Talk about going from bad to worse. To optimistic insiders who bought shares of their own banking companies over the last 12 months, the stocks must have felt like falling knives. Indeed, the entire financial system seems to be falling apart so completely that “falling knives” might be too polite a description. (How about this description: the end of times?)
Throughout the phases of the banking sector's year-plus period of destroying shareholder value, executives and directors have shown bullishness in a much larger number of banks than they have in the past.
Reviewing the performance of the 17 insider-bought bank stocks presented in the October 2007 issue of Registered Rep. (see table on p. 84) shows the group off an average of 28 percent a year later. Only four banks on the list showed positive returns. That may be a better success ratio than a random sample of financial institutions over the past year, but it is not nearly the hit rate I'm used to getting when I use insider buying to jumpstart my investing process.
Of course, this is hardly a shocker. Most of the banks on that list failed miserably to meet the earnings-per-share (EPS) expectations set for them over the last year — even though their fiscal years were over half completed at the time. Even those banks that did manage to meet earnings expectations last year succumbed to reality soon after. Fiscal 2008 EPS estimates for all but one bank on last year's list have fallen off a cliff.
Early Can Hurt
Having followed the insider transactions filed with the SEC for nearly two decades, I'm used to insiders being early. But when does “early” equate to just plain “wrong”? Being more of an investor than a trader, I'm prepared to wait for fundamentals and technicals to confirm a bullish insider signal before removing an insider-inspired potential investment from my watch list. But my patience is not endless. It goes without saying that neither important metric has materialized in bank stocks, which made the strong, sectorwide bullish signal from buying by financial execs a hard one to bet heavily on.
It's worth pointing out, however, that sometimes insider bets take some time to pan out. Back in the late 1990s, it took energy insiders a solid two-year lag to see their heavy bets bear fruit. From January 1997 to December 1998, one measure of the spot price for crude oil fell from $23.84 a barrel to $9.16. Shares of energy E&P firms understandably fell likewise, as the incentive to pump the commodity out of the ground went south as well.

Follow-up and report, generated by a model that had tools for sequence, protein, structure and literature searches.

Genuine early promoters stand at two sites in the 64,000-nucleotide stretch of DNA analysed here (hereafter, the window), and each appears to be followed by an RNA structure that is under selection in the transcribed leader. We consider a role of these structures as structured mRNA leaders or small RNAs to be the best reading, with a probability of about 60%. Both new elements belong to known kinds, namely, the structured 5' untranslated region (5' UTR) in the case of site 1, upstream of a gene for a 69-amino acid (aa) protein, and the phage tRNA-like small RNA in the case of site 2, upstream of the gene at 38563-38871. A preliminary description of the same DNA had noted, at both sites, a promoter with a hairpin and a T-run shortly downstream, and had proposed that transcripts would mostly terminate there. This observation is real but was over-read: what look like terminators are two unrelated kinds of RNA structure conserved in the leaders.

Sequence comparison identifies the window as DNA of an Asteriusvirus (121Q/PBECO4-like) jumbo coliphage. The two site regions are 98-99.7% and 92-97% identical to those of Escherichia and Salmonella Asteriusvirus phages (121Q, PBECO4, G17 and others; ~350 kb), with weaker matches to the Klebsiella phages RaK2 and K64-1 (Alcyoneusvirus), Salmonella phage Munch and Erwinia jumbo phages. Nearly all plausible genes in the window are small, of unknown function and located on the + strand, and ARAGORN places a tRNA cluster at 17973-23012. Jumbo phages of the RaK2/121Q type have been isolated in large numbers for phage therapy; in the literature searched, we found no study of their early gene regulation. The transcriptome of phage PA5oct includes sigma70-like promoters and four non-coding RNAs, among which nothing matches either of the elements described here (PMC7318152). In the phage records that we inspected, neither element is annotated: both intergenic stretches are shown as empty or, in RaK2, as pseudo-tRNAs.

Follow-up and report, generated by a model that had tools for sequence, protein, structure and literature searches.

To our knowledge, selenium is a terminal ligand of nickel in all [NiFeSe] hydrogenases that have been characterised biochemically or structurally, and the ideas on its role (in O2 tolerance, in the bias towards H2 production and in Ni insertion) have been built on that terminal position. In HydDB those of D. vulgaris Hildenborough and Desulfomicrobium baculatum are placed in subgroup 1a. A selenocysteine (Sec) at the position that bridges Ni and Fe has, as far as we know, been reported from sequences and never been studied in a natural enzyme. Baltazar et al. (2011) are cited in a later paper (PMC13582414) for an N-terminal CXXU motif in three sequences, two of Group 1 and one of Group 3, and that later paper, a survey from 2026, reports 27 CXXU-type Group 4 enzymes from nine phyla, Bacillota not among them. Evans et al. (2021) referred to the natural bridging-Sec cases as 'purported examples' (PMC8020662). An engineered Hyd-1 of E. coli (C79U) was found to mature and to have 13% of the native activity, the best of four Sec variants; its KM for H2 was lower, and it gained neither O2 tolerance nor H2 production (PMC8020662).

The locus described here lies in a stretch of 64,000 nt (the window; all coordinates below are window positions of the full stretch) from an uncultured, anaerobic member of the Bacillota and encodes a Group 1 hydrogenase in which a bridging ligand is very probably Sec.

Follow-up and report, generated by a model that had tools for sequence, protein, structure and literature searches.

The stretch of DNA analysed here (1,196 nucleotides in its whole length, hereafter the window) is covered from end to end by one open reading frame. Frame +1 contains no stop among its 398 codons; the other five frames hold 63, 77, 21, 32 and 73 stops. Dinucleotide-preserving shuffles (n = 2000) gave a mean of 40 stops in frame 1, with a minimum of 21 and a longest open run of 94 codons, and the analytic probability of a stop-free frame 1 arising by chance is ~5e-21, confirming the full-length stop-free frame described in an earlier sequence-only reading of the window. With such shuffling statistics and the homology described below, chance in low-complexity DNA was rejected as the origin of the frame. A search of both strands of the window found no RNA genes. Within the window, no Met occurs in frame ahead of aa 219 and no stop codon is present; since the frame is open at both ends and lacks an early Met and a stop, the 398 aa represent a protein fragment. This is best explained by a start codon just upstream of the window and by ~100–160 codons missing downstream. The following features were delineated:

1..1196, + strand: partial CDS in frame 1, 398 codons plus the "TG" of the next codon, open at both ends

Insiders at these firms started indicating value in their falling shares in the first quarter of 1997, when oil broke through $19 a barrel. But the fall in both crude prices and the sector's shares was just beginning. By mid-1998, energy insiders were looking pretty clueless indeed to have bet so early on the sector they supposedly knew better than most.
But by mid-1999, oil prices had doubled from the nadir hit six months earlier. By mid-2000, oil had trended above $28. And even those insiders “clueless” enough to have bought their firms' shares in early 1997 were sitting on major profits.
Fast forward to the present. The financial crisis affecting bank stocks is “only” a year-and-a-half old. Taking the early energy insider tale to heart, financial insiders may yet be proven right to have shown faith in their institutions.
Possible. But even this believer in insider buying signals isn't prepared to give enough credit to financial executives yet to follow them en masse into bank stocks. After all, the news out of financial institutions worsens by the moment.
As constructive as government intervention may eventually prove to be, it's clear to me (and, apparently, the rest of the world) that we are still in the discovery phase of this global financial catastrophe. The amount of bad assets that any bailout-born government entity will try to digest from ailing banks isn't known. Neither is the price it will pay for them.